And now back to our regular topic, already in progress....
10-02-2010 10:29 PM
10-03-2010 01:32 AM
Man, I see you all have been busy on this subject somethin' major. BigRon, it's not that some advertisement is attempting to "steal" your data- well at least not while signing into your client/e-mail provider. It's just that during the sign-in process, Yahoo! is attempting to verify the info being submitted. There's 1 of two things that you could do to rid yourself of those flags, hence easing your mind:
1) Simply uncheck the e-mail opt. We're given the 3 opts. from which to protect data- web, e-mail, or/and instant msging. or 2) Make it an exception for Yahoo!.
I, myself, prefer the latter. That way I could choose the "allow always" opt. then when done, I just go back and delete the exception I made. (But there's nothing wrong with leaving an exception for what ever client that you use regularly.)
And, yet again, SendOfJive is correct. If you're with a reputable bank, you're covered. And "yes" it's better to use a credit card for on-line purchases. Most banks now allows you to have a checkings card. This doubles as a debit(for ATM withdrawals w a pin) and a credit card. So if you're just using a debit card, you should really inquire of the checkings card. Here back when Katrina hit, my banck promptly flagged my account and put back any money/charges made that weren't legit- all without me knowing. I only found out when I personally tried to use the card as a cc. Though I was still able to use it as a debit card w/pin, I couldn't use it on-line as a debit card. And on top of it all, they were aware of my purchasing habits via the history of drafts I've made since I became a member.
Also most banks generally have security encrypted links ending with ".asp". This is related to some level url security. This isn't just limited to banks, either. 9 out of 10 encrypted sites host, at least, this type of security. So BigRon, don't worry yourself sick about those flags. You seem to have the same fears I used to have with the the 3 flags I'd get. But during my use of the AOP, reading various articles in mags like Maximum, PC World, CNet.com, PC Tools, etc. etc....and people, like SendOfJive, I've come to understand the general ins-and-outs the AOP along CIB app types.
And lastly, to answer the question submitted by Kremmen, "yes"; but CIB discussed here only applicable NIS v'10. You can also scan through earlier postings in this discussion.(Or just ask away.)
10-09-2010 05:34 PM
I think you may have mis-understood the original question.
Some of us (myself included) used the add-on pack to protect web-pages sending personal information (e.g. e-mail addresses) WITHOUT OUR SPECIFIC CONSENT on a PAGE-BY-PAGE BASIS.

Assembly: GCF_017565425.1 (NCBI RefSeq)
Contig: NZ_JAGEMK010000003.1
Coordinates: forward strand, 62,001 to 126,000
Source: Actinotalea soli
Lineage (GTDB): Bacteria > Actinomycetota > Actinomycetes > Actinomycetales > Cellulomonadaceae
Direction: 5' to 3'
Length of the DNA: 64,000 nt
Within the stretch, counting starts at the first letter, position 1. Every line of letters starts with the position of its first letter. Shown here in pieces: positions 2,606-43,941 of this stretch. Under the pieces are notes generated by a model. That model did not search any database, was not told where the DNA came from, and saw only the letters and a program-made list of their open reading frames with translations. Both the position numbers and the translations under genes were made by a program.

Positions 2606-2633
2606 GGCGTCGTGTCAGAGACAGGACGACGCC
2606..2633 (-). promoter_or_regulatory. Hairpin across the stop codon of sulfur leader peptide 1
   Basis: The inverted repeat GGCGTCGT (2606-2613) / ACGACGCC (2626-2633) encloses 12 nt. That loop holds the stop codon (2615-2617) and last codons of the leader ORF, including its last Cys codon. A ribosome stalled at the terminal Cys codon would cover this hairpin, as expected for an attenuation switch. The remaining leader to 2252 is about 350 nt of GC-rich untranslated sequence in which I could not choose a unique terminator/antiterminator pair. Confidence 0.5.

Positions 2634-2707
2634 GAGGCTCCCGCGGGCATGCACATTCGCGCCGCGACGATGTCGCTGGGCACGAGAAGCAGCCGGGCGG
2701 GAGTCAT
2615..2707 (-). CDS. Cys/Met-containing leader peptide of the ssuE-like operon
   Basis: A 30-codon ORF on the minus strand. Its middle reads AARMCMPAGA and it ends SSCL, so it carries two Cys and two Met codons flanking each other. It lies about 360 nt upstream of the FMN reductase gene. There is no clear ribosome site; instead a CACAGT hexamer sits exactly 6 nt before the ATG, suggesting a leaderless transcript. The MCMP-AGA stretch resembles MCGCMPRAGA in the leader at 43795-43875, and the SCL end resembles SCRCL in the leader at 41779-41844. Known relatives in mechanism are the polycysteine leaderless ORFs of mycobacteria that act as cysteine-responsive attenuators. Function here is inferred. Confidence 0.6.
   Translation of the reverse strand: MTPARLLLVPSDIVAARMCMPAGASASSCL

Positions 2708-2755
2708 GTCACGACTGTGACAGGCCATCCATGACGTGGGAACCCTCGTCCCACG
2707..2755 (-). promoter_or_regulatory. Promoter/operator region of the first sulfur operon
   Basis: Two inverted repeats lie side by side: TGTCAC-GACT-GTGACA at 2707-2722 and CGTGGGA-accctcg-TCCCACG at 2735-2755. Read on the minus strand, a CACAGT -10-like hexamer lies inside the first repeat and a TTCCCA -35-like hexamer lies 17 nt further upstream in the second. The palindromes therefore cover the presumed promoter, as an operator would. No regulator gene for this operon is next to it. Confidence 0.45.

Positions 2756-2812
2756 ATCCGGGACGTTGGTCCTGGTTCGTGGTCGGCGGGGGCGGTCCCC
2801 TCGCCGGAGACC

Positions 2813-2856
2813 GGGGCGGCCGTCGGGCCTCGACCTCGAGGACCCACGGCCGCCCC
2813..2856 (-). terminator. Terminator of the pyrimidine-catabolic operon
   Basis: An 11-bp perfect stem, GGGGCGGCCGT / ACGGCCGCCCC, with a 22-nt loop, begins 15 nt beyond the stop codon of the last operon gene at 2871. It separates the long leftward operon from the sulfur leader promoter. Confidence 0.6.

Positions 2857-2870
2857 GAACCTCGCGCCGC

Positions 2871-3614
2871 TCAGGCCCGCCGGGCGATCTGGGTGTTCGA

You must know this.
You will also know that the mechanism was via a pop-up which allowed us to decide there & then whether we wanted the info to be transmitted.
Instead, the 'Norton Online Family' controls becomes a complete DOG' S BREAKFAST, from what I can see - you can only set it up to 100% block specified info being transmitted - no flexibility whatsoever - either permanently on or off - until you go into the gubbins of the abomination and re-set it!
HOW ON EARTH ARE WE EXPECTED TO DO ANYTHING LIKE THAT ON A PAGE-BY-PAGE BASIS ??
IF THIS FEATURE IS NOT RE-INTRODUCED, I WILL LOOK ELSEWHERE TO FIND OTHER PACKAGES WHICH TAKE PROTECTING OUR PERSONAL INFORMATION - FLEXIBLY - MORE SERIOUSLY !!
10-09-2010 06:06 PM
Big ups to Anfortas!! Through it all I failed to point out that "page-by-page" scenario. Anfortas' comment further magnifies the points that're being made and debated here through out this discussion. His point further extends the advantages of CIB as apposed to the "ins & outs" of NOF. Mad props again to Anfortas for bringing yet another valuable point to this discussion.
10-09-2010 07:43 PM - edited 10-09-2010 07:45 PM
Hi Anfortas and Marcus,
I am truly puzzled. Under what circumstances would your email address end up on a web page without your consent? It seems to me that you would either have to have entered the information manually or previously set up an automatic fill-in - in which case, why would you want to block it? Can you please give an example where a bit of actual private information (not a number coincidentally matching the information) was put online in a situation that would indicate a compromise of your personal data? Maybe I'm missing something but the only alerts I ever got when I had not actually intentionally entered a private number, were for identical, but totally unrelated numbers having nothing to do with the information I was trying to protect.